The Blazing Star Review

The Blazing Star by Imani Josey


Publication: Wise Ink Creative Publishing

Release Date: 12-6-2016



I received this ARC via NetGalley in exchange for a honest review!


Sixteen-year-old Portia White is used to being overlooked—after all, her twin sister Alex is a literal genius.

But when Portia holds an Egyptian scarab beetle during history class, she takes center stage in a way she never expected: she faints. Upon waking, she is stronger, faster, and braver than before. And when she accidentally touches the scarab again?

She wakes up in ancient Egypt—her sister and an unwitting freshman in tow.


Mysterious and beautiful, Egypt is more than they could have ever imagined from their days in the classroom. History comes alive as the three teens realize that getting back to the present will be the most difficult thing they’ve ever done. Stalked by vicious monsters called Scorpions, every step in the right direction means a step closer to danger.

As Portia and the girls discover that they’re linked to the past by more than just chance, they have to decide what it truly means to be yourself, to love your sister, and to find your way home.


I read this awhile ago but I have been so busy that I have been unable to post the review. What stuck me the most about the novel was the cover and the diversity of race. The cover is beautiful and depicts a lovely African American woman.


-The Writing

The writing style is extremely easy to read and you could finish it in a day. I would recommend the reading level to be middle school to high school because there was a lack of complexity and depth. I wish there could have been more description and use of diction–this is a time-traveling novel, I should REALLY feel like I am in ancient Egypt. Yes, there are authors who take an eternity to describe something and than there are others who are blunt and to the point but I feel like in a time-traveling novel, you should take the time to describe the surroundings for the audience.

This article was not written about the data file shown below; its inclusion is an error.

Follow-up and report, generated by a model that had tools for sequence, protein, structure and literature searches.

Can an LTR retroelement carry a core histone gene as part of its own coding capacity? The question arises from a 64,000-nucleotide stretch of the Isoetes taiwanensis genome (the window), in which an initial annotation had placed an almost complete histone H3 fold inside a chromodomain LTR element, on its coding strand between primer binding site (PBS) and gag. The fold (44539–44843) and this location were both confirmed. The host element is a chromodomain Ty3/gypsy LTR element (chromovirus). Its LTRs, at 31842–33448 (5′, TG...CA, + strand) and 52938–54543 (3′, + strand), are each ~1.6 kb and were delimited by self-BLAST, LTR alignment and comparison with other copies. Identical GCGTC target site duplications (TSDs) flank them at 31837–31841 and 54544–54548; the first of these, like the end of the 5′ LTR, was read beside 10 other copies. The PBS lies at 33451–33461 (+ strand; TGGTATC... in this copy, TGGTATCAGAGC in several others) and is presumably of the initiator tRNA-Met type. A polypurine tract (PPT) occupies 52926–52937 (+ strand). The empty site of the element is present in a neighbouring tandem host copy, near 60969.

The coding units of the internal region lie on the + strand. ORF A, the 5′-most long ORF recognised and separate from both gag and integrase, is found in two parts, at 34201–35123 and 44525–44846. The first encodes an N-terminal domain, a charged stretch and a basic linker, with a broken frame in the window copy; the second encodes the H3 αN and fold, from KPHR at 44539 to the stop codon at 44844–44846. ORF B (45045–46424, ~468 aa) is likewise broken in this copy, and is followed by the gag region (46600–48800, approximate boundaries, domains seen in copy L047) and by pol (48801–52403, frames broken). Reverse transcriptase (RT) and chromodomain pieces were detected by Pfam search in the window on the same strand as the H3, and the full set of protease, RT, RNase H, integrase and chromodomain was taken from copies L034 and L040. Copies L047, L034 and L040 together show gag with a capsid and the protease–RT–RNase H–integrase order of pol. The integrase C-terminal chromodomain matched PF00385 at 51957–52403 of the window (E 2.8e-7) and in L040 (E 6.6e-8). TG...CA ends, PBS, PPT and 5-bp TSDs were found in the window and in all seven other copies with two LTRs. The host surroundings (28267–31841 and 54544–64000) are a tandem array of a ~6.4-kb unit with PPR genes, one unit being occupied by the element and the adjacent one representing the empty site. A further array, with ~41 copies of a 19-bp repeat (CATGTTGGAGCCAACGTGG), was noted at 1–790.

-Black Female Protagonist–YAY

How rare and awesome is this?! And written by a black woman–woohoo! You could definitely tell the difference, especially with terms like “pressed” when talking about hair. I feel like in YA fiction, there is a plethora of either white protagonists or white authors writing about brown women. There is nothing wrong with what I mentioned, I am just glad that African American writers are making there way into the YA genre sphere.

-The Story

The idea of the story is pretty cool but I feel like it could have been better written. SO to summarize it: There are these two black twins and one is a genius and the other is normal. Portia wants to be different from her sister and does this by changing her hair and deciding to go to another college. (BTW, I feel like this novel would have been better if the story was from Alexandria’s perspective)

I must be getting ornery in my old age (22) but it has become harder for me to read High School plot novels.  The same-old-same-old is so redundant that it is totally eye-roll worthy.

Cue the Mean Girls who happen to also be rich and beautiful!

Cue the cute guy who has no interest in you!

Cue the parents not understanding you and you feel alone!


Thankfully we escape from the cliche High School spiel and Portia is transported to ancient Egypt when she touches an ancient artifact.

Blah, Blah, Blah

She meets this guy who she later learns is the Prince-haha coincidence

Selene, who is the most annoying person in the world is also here and is discriminated against because of her darker skin–she is seen as Nubian


The usual culture clash

Magic, Love, and I guess some action.

Overall, the novel has potential but it is pretty bland.



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